scholarly base, written and oral reports, etc., and c) is your own work.
PROJECT PROPOSAL OUTLINE
The capstone project is a major undertaking. It is an opportunity for students to 1)
immerse themselves in solving a public health problem, 2) develop, expand, and hone
their policy analysis skills, and 3) gain sophisticated experience in an area of special
To assure that each Capstone Project is appropriate, adequately rigorous, and feasible,
we require that students prepare and submit for review a capstone project proposal that
succinctly outlines the project (generally, fewer than 5 pages) before any major
commitment or work is initiated. If the fieldwork will happen in the summer, this
proposal should be submitted at the end of Spring quarter of the first year. A committee
composed of the student’s faculty adviser and one other member of the UW faculty will
review the proposal and will provide approval and/or feedback within two weeks of
receipt. Once this proposal is approved, the student will be expected to develop an in-
depth literature/background review and work plan as two of the first tasks of the project.
a. What are the objectives of the project? What do you hope to accomplish?
b. What will be the product(s) of this project (e.g., an evaluation report, a
strategic plan, a policy analysis, an implementation plan for new
programs, educational materials)?
c. How will this benefit the community or target audience?
d. What are your learning objectives for this project (e.g., skills, knowledge,
perspectives, experiences that you hope to gain through this work)? List 5
to 10 Individual Learning Objectives for this experience.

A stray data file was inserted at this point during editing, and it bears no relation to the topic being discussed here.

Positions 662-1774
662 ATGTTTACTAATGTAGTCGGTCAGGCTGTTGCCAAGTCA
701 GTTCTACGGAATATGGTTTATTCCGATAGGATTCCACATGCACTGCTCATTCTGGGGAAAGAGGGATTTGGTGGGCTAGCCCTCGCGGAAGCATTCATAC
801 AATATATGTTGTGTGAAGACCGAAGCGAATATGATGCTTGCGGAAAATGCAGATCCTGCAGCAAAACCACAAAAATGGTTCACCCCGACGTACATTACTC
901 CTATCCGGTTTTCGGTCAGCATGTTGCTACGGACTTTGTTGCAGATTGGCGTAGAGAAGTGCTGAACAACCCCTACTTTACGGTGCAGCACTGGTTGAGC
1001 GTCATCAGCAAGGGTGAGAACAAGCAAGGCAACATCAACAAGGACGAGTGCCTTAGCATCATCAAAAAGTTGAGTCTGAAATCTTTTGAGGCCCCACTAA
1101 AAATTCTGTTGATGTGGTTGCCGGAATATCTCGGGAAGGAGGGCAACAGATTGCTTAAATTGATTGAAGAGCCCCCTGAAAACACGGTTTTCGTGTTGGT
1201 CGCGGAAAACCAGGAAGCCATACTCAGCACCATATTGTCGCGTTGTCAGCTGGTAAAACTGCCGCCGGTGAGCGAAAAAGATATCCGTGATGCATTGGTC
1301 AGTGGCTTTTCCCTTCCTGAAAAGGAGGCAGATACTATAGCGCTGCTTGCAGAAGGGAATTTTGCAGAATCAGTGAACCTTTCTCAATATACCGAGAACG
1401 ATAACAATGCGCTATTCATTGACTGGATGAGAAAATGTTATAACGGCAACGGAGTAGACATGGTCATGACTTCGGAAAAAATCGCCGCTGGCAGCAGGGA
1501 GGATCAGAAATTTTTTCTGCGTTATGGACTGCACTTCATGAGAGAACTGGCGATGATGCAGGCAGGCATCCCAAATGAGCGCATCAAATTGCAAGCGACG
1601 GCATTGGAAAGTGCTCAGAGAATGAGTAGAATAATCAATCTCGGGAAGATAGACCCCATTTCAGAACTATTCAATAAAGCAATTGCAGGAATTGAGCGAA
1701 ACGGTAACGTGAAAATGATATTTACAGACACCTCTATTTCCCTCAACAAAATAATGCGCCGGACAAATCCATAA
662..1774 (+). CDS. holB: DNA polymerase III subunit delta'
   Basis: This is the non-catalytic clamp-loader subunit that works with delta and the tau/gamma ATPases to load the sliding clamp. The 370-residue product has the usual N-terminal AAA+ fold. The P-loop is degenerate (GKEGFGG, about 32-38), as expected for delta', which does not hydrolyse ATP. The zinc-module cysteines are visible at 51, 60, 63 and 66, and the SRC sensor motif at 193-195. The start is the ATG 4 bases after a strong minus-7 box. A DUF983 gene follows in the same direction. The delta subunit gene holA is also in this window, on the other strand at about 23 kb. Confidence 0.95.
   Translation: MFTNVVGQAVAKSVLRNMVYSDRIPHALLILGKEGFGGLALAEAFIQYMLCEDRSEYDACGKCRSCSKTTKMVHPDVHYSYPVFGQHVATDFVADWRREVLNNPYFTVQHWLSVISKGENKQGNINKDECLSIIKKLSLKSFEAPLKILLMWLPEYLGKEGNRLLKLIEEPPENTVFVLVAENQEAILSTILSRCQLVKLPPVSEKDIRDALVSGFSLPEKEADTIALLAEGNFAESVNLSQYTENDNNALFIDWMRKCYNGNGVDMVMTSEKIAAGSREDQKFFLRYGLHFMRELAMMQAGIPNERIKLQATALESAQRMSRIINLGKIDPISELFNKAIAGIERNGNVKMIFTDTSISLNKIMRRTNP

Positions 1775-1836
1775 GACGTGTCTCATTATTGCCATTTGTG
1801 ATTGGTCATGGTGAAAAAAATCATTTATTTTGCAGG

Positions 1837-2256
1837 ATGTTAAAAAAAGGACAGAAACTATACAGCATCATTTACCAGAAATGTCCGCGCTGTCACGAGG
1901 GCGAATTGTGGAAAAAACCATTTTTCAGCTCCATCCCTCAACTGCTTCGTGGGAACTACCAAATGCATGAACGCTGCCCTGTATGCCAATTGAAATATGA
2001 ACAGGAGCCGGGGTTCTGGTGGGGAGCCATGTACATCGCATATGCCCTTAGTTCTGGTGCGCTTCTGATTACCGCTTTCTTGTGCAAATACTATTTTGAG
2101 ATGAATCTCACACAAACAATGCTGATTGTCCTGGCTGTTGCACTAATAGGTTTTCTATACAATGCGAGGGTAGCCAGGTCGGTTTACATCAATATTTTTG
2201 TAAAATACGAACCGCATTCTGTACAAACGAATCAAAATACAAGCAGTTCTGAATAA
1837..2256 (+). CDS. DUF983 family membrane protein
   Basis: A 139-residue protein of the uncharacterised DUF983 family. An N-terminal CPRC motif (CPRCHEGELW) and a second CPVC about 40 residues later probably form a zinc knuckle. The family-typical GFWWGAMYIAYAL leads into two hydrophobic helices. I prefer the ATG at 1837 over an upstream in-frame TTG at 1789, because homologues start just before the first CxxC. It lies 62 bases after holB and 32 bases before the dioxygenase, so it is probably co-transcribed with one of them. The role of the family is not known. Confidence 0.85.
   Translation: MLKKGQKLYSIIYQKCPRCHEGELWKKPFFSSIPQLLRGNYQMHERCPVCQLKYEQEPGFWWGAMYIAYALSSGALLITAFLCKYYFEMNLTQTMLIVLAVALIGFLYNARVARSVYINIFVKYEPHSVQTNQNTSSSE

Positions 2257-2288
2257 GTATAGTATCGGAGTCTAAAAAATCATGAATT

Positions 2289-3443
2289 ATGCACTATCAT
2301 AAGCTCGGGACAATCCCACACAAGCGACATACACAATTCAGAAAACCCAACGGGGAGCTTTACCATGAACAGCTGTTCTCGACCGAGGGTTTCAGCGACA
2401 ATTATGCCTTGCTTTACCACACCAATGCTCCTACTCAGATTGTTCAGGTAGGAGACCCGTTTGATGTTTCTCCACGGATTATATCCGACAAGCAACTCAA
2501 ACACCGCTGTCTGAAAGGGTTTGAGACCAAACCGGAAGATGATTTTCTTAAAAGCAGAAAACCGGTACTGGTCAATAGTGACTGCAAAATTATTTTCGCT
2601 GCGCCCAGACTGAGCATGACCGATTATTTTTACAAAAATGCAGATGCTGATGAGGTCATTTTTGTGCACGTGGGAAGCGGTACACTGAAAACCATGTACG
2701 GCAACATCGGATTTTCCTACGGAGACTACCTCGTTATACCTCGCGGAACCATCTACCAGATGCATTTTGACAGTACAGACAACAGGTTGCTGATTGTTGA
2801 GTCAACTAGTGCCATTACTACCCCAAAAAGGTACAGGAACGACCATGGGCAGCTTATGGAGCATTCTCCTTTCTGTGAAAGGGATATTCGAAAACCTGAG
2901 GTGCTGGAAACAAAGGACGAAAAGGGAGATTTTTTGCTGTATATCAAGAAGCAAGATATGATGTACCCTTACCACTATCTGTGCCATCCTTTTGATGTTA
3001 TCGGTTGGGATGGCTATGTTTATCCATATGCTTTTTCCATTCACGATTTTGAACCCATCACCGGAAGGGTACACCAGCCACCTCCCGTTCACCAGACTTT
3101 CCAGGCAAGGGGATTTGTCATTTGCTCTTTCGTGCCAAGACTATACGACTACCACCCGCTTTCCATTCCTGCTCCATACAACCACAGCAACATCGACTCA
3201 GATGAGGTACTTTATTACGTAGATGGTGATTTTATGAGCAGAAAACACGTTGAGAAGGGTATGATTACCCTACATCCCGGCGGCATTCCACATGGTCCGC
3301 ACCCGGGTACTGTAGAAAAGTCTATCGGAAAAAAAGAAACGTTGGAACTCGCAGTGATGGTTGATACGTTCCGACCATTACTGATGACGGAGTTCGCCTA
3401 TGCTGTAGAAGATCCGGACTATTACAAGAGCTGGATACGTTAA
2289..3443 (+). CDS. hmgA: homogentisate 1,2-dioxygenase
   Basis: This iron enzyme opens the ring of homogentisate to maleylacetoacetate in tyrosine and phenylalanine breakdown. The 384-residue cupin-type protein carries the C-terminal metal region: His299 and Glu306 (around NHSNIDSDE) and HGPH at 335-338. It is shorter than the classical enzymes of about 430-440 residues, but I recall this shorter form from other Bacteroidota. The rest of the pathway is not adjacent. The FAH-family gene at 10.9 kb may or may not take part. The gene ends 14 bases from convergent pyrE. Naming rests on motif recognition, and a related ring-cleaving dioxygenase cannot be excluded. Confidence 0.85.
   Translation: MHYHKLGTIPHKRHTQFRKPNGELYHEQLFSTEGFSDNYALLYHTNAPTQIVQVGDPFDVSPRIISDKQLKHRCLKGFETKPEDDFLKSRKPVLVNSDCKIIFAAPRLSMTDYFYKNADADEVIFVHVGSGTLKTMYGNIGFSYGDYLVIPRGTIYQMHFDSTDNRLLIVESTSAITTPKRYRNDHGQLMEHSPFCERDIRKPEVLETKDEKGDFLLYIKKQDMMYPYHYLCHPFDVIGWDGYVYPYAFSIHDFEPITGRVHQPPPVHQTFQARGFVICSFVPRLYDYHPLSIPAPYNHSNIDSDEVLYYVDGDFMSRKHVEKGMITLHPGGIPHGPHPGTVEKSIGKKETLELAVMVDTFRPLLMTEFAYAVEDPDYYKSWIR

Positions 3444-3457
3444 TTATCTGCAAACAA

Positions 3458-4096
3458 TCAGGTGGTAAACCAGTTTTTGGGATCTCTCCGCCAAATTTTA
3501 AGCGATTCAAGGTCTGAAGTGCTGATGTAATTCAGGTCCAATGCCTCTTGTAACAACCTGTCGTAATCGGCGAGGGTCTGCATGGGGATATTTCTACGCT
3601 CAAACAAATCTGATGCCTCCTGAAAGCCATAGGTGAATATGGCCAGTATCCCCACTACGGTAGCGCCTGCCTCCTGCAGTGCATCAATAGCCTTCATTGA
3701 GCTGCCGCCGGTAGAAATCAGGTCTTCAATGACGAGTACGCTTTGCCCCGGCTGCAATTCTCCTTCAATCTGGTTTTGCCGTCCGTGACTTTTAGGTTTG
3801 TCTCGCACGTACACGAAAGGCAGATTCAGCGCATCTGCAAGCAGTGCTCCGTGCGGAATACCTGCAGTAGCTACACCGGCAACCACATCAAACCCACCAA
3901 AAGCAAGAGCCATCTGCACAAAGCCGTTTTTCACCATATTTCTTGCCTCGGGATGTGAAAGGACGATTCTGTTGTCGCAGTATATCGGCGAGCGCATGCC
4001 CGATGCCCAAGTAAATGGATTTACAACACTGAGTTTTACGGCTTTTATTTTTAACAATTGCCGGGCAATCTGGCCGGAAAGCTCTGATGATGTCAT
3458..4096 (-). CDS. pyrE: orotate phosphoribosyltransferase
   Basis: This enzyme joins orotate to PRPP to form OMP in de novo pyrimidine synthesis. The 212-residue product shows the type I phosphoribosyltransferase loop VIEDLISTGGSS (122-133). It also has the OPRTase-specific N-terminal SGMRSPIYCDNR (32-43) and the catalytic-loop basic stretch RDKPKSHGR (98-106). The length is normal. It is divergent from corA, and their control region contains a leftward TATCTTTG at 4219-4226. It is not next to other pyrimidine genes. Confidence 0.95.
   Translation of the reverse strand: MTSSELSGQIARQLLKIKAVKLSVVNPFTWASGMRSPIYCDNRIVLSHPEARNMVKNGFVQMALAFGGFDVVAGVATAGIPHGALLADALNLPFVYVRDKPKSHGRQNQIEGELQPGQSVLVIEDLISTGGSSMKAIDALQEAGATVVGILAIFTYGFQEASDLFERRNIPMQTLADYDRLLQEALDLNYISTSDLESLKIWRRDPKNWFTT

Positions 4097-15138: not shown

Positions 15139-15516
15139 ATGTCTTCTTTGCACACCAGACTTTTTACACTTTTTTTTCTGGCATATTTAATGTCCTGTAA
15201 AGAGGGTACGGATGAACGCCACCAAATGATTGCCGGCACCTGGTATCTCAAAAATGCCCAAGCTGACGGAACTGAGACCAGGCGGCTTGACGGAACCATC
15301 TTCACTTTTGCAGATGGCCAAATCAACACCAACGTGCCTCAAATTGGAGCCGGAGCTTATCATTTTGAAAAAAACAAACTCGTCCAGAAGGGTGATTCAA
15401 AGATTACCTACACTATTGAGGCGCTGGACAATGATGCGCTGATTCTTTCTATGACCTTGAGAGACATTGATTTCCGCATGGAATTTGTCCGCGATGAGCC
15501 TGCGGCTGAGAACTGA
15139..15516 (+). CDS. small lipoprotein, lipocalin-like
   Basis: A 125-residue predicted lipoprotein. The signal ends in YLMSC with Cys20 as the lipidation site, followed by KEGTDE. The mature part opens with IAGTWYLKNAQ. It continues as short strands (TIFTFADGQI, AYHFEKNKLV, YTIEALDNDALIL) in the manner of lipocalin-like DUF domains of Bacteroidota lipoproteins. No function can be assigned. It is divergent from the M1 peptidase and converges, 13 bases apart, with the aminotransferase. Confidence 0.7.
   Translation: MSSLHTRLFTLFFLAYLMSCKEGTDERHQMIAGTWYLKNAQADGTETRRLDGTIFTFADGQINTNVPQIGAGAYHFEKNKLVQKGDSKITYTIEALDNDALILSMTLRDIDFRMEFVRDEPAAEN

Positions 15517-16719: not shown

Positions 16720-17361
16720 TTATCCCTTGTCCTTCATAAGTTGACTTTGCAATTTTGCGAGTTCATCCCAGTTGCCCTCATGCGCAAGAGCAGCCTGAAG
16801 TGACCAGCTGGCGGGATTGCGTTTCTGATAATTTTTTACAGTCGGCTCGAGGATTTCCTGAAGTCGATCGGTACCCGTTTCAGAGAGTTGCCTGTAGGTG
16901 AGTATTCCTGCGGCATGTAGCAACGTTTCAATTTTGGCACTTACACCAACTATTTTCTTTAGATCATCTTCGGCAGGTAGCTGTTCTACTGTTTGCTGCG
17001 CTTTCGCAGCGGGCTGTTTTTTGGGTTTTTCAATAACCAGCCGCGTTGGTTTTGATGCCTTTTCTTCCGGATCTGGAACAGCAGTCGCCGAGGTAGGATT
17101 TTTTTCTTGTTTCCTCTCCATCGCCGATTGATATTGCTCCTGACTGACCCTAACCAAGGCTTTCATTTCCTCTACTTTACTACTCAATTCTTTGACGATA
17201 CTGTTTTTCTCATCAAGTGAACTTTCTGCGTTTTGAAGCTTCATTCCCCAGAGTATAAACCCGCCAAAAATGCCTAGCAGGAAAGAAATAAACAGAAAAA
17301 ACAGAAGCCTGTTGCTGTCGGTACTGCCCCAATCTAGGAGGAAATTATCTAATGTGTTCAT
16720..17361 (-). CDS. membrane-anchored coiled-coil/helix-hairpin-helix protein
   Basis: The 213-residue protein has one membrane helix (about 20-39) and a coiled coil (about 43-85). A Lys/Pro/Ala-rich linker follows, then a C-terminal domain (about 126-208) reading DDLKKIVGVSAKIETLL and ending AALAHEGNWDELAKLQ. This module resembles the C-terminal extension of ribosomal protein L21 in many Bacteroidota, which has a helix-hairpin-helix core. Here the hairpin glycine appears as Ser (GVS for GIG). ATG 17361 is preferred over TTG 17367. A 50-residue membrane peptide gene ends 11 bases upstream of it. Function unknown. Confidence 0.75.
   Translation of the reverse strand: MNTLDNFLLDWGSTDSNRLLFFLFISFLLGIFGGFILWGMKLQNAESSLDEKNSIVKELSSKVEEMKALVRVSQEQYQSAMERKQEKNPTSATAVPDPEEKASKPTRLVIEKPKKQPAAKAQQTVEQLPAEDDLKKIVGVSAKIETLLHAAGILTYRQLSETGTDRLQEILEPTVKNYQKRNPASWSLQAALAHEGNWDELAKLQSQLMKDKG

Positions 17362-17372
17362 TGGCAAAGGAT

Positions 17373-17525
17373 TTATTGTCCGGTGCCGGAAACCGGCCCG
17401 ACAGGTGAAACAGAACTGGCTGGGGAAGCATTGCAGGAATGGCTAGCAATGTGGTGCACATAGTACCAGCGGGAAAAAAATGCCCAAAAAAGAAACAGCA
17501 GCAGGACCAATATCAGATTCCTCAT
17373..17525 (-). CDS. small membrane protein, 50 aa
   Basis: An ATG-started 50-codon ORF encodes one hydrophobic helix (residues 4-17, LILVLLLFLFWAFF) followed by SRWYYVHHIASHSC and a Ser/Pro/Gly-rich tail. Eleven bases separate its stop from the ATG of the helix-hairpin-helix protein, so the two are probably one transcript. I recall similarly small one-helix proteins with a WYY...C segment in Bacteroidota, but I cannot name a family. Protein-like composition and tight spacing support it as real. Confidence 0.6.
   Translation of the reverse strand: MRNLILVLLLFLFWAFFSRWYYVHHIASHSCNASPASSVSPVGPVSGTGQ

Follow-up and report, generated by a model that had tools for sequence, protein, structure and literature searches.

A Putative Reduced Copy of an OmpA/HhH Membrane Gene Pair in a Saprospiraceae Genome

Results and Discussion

e. How will you present or communicate a summary of your project
results to the agency or community with whom you worked?
a. Where will you conduct your project?
1. Provide a thumbnail sketch (about a paragraph) of the
community or locale.
2. If you will work with an agency or organization, provide a
thumbnail sketch (about a paragraph) of the organization with
which you will be working. Include address, phone, and contact
a. What is the problem you are addressing?
b. Who are the stakeholders interested in this project, and what are their
c. How does this project fit with the needs and mission of the community
or agency where you will be working?
d. Why have you chosen this specific project/solution/approach—as
opposed to other options—to address this problem?
e. Briefly, what evidence from the literature can you cite to justify this
choice or approach? This should be fleshed out in the full project report.
a. Name and contact information for the UW faculty committee chair
b. Name and contact information for the second UW faculty committee
c. Name and contact information for site or agency mentor, if applicable
a. What methods (generally) will you use? (e.g., analysis of available data,
literature review, surveys, focus groups. This does not need to be detailed.
Your work plan will describe your methods in more depth.)
b. What resources (data, access to human subjects, etc.) will you need to
conduct this work?
c. Is it likely that you will need to get Human Subjects or other approvals or
cooperation for this work?
a. Provide a timeline for this work, including the following tasks:
1. Literature review
2. Development of work plan
3. Human Subjects approval if required
4. Conduct of project (may/should involve steps, tasks)
5. Write-up of project
6. Presentation to community or agency
Be sure to take time to think carefully about and articulate your Individual Learning Objectives for
the Capstone Project. To a large extent, the Individual Learning Objectives are the definitive
description of what you hope to get out of the project. These should be specific and expressed in such
a way that you and/or your committee can assess whether you have met them. Examples include:
To develop content expertise by reviewing the literature on family planning programs for adolescents
To (successfully) conduct focus groups of migrant farm workers
To (learn how to) do a (successful) program evaluation
To develop a health education curriculum for middle school boys in bullying-prevention
To (successfully) analyze a data set, using SPSS
To plan a media campaign on obesity, using the most current thinking on health education media
To learn how to make a professional quality health-related video
To conduct a stakeholder analysis
To assist community boards to be more effective in their governance roles
To practice community organizational skills
To get involved in developing legislation